The views expressed herein have not been approved by the House of Delegates or the Board of Governors of the American Bar Association, and accordingly, should not be construed as representing the policy of the American Bar Association.
How can a parent’s lawyer succeed in every child welfare case? Professor Martin Guggenheim, New York University School of Law, answered the question at the opening plenary of the ABA Third National Parent Attorneys Conference held in Washington, DC July 10-11, 2013.
Be there for your client. Treat your client as a person who needs you to be there fully, attentively.
Empathize with your client. When meeting a parent client for the first time after the client’s child has been removed, make the first thing you say: How are you? I know you have suffered a horrible crisis and I can only imagine what you’re going through right now. How are you holding up? That takes about seven seconds.
Stand out from the crowd. Earn dignity and respect by giving, by showing.Be a champion. Help your client live the life he or she wants. Give your clients the real feeling that there is someone who will stay there by him or her—someone who is real, who cares, and who will fight hard to help that client achieve her objectives.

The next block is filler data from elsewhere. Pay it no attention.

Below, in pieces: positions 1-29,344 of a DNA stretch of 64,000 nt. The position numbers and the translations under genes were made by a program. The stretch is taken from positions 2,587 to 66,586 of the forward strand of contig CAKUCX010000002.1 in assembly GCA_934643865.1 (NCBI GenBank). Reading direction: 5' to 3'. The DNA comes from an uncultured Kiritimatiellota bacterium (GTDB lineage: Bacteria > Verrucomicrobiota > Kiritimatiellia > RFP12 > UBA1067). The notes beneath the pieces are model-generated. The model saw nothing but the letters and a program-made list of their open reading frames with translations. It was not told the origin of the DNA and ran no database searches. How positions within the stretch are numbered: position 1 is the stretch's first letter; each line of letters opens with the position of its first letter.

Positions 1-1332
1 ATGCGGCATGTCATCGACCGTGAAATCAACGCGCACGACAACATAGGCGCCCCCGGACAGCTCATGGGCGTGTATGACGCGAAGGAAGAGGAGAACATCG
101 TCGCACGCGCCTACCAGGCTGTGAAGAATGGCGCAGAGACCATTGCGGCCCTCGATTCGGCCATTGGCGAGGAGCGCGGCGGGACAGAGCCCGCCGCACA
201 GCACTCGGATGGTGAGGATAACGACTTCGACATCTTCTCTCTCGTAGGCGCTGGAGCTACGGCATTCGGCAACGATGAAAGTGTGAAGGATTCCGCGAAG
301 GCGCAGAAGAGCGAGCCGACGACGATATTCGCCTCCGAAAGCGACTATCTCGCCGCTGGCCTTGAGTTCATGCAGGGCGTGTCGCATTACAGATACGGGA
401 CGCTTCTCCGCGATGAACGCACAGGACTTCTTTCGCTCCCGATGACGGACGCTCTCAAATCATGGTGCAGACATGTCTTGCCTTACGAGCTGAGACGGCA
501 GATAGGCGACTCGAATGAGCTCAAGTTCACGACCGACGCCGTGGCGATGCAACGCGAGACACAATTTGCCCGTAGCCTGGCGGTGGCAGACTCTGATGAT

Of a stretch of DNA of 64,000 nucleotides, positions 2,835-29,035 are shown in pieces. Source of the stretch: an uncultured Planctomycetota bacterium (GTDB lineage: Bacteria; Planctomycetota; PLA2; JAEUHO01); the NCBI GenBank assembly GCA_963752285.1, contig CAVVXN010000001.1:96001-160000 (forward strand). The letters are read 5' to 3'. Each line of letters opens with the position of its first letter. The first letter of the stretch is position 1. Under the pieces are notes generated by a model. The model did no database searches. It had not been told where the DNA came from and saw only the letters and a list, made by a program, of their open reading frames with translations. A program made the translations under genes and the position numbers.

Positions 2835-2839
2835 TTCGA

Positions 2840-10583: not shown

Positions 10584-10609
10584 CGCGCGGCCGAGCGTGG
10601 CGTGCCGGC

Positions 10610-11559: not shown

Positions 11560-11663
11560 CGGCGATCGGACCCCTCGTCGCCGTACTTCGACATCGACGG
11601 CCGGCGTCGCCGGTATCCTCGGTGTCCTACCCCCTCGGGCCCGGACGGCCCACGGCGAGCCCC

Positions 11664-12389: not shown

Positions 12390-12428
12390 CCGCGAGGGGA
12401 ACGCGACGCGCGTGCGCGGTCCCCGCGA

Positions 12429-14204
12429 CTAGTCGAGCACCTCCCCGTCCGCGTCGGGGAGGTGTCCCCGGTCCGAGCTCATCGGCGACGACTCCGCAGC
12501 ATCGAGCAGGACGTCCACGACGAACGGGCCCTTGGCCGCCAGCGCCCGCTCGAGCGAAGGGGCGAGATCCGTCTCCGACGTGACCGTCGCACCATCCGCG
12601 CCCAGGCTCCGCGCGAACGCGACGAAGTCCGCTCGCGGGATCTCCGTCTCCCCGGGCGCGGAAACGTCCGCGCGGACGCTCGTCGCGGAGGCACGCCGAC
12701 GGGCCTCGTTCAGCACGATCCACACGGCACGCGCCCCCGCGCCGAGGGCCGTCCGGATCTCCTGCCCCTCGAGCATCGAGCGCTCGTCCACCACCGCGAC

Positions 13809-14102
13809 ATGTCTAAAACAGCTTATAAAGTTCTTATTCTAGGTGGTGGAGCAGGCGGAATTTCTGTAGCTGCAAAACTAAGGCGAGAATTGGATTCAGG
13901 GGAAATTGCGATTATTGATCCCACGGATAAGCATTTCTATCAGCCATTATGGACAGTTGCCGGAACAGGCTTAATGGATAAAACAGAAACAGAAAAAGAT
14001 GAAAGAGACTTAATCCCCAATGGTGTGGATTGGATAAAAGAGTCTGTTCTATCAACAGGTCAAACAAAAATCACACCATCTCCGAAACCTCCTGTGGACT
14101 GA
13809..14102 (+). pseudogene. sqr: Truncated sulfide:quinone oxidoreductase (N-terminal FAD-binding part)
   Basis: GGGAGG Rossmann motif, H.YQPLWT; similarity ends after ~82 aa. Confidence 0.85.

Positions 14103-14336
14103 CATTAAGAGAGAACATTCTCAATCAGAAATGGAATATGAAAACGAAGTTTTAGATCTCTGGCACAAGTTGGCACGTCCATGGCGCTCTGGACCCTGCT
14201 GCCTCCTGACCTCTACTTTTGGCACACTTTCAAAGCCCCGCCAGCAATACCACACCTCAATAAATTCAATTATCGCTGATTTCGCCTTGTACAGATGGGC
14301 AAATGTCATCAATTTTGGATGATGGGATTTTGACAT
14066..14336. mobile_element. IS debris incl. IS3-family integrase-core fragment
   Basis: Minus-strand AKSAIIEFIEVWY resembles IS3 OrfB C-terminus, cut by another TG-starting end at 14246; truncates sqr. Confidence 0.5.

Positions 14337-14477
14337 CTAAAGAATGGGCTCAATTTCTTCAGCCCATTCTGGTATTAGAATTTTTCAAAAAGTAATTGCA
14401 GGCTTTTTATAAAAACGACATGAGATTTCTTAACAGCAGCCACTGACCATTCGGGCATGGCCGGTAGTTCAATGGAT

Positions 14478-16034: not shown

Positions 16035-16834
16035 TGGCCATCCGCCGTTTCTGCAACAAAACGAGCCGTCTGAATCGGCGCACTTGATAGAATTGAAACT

Listen to your client. The value of listening to your client cannot be overstated. Make your client feel that someone is in the room listening, not judging, not telling the client what to do, just listening.
Defy stereotypes. Our clients do not expect a good experience when they interact with us. Don’t be “one of the punishments” that a parent receives for being accused of a crime. Absorb the truth of the claim that we’re “unimportant low-level, state assigned, at a salary that important lawyers shun, working in a courthouse that important people pass by as too dirty, overcrowded and disgusting for them to enter.” Make it your duty not to behave like low-level state bureaucrats.
Be your client’s ally. Your client’s capacity to achieve their objectives largely depends on their behavior after you’ve met them. Help influence that behavior, not by telling them how to behave, but by strengthening their resolve that they’ll survive this nightmare because they were fortunate enough to get you to be their ally and their comrade.
Always behave well. This will guarantee success in every case. Many times we represent people who will not achieve their objectives. There is an intrinsic human right that we can advance if your clients can feel their inability to achieve their objective had nothing to do with your efforts. It is important that they know you tried and that you cared for them; that can help them overcome the obstacles.
Make your client want you to be their lawyer. Be there for your client, answer their questions, and make time for them in your busy life. Always behave in a manner towards your client that you know will contrast with others who interact with him or her.
—Claire Chiamulera, CLP Editor